You share no DNA with the vast majority of your ancestors.
You have more ancestors — hundreds a few generations back, thousands in just a millennium — than you have sections of DNA.
You have 64 great-great-great-great-grandparents — but if you are a man, you share your Y-chromosome with only one of them.
The amount of DNA you pass on to your descendants roughly halves with each generation. It is a matter of chance which of your descendants actually carry any of your DNA.
And then, there's this tidbit, courtesy of Mark G. Thomas and his friends at University College London: It can be demonstrated that 5,000 years ago everybody alive was either the common ancestor of everyone alive today, or the common ancestor of no one. Thomas captures the startling upshot of this fact: "At this point in history we all share exactly the same set of ancestors."
What can we learn from this? This is a question I hope to explore with you in coming months.
A couple of things seem reasonably clear. We care about family and we care about our family history. Millions of us watch Henry Louis Gates Jr.'s Finding Your Roots on PBS with fascination. And when Jimmy Kimmel or Shonda Rhimes weeps in the face of information about the trials and accomplishments of great-great-great-great-grandparents, we get it. These stories matter.
Here's something else that's pretty clear: These are potentially unsettling stories. I get why Ben Affleck didn't want to the world to know that he descended from slaveholders. He didn't want to know himself. How would you feel to learn that one of your parent's parent's parents had done something really bad? How should you feel?
But the really interesting upshot of the facts mentioned above seems to be that family and family history are one thing, and DNA-based ancestry is another. You just can't map these beautiful, defining, important family stories onto a DNA tree. The facts above seem to show that you literally can't. DNA draws the boundaries in the wrong place. According to some estimates, after all, as recently as 3,500 years ago a person lived who is the common genetic ancestor of everyone alive now.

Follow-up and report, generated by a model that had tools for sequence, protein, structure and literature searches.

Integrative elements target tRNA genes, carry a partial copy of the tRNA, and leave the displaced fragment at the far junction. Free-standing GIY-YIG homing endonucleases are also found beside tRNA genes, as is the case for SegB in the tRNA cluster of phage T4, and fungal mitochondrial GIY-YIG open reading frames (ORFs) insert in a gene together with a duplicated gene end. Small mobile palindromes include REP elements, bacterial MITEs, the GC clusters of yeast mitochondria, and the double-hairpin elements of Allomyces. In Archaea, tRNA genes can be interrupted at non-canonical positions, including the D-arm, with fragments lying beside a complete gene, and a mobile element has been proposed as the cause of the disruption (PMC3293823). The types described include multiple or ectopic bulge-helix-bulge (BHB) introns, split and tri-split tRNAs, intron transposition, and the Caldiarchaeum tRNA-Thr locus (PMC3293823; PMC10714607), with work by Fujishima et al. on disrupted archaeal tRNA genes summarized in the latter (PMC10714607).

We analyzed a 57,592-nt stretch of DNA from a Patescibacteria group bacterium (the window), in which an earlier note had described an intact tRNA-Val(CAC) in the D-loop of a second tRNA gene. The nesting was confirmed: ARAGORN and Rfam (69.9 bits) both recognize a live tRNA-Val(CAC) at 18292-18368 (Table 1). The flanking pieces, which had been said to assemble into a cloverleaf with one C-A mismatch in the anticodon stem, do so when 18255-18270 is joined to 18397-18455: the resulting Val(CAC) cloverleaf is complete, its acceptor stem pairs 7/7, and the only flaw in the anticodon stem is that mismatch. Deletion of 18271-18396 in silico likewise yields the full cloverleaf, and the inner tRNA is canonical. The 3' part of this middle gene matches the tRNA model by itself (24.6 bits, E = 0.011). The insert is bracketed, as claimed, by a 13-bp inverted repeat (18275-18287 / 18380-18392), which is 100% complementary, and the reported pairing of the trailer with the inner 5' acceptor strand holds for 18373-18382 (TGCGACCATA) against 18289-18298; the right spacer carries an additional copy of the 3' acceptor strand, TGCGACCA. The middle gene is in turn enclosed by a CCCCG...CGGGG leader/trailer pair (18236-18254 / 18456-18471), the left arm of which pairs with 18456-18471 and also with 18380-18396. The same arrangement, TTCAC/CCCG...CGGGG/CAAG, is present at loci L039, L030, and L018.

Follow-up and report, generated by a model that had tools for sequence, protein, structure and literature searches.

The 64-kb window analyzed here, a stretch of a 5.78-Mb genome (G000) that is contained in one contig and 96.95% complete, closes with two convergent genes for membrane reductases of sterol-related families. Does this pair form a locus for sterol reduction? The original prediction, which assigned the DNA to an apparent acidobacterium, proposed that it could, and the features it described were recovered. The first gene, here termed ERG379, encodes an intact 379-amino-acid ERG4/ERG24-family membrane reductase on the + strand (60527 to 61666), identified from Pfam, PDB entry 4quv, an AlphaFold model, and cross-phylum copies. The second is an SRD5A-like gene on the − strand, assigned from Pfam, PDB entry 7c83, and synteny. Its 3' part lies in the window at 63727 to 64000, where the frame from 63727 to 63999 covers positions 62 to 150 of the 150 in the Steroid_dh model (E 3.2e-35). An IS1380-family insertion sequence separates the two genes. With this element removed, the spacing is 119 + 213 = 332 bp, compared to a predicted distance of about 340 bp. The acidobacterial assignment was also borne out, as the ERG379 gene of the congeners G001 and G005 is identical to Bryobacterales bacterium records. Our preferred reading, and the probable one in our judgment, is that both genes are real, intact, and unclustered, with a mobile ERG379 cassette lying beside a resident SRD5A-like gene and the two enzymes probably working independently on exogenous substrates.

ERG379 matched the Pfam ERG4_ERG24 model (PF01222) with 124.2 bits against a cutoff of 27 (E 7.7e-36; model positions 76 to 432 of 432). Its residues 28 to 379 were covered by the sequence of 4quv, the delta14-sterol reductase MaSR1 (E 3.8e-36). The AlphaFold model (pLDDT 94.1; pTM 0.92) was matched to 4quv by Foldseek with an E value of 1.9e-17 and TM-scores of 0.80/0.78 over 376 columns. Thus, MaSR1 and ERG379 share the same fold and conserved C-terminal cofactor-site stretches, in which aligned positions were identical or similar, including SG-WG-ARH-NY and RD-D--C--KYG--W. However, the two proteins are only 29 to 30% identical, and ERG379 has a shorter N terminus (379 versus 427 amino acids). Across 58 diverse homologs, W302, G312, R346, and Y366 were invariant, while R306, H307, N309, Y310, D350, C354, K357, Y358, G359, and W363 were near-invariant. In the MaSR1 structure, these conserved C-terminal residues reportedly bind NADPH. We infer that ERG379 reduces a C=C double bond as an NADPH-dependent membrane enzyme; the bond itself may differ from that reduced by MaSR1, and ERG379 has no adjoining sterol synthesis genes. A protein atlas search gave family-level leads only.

This is salutary. As a culture, we like simple solutions. And the idea that who, and what, we really are is written in the language of the genome, that it is inside us — and that we need only send away to have it decoded — is almost irresistible. But to judge by the example of Gates' television show, the stories that matter, the ones that bring his guests and his viewers to tears, are sagas of marriage and migration, of childrearing, hard work and love. It is family that matters — and family is relationship, not DNA. Family is not to be found inside us. The DNA story is a good one, and no doubt important for certain purposes, e.g., medical. But when what we want to know is who we are, it won't deliver the answers.
This, at least, is Thomas' view. He attacks the consumer DNA ancestry industry as peddling just-so stories and serving up "genetic astrology." For a detailed statement of his view, and a nice tutorial on genetics and ancestral analysis, listen to this lecture that he delivered last April at the genealogy enthusiasts conference Who Do You Think You Are Live in Birmingham, England.
Alva Noë is a philosopher at the University of California, Berkeley, where he writes and teaches about perception, consciousness and art. He is the author of several books, including his latest, Strange Tools: Art and Human Nature (Farrar Straus and Giroux, 2015). You can keep up with more of what Alva is thinking on Facebook and on Twitter: @alvanoe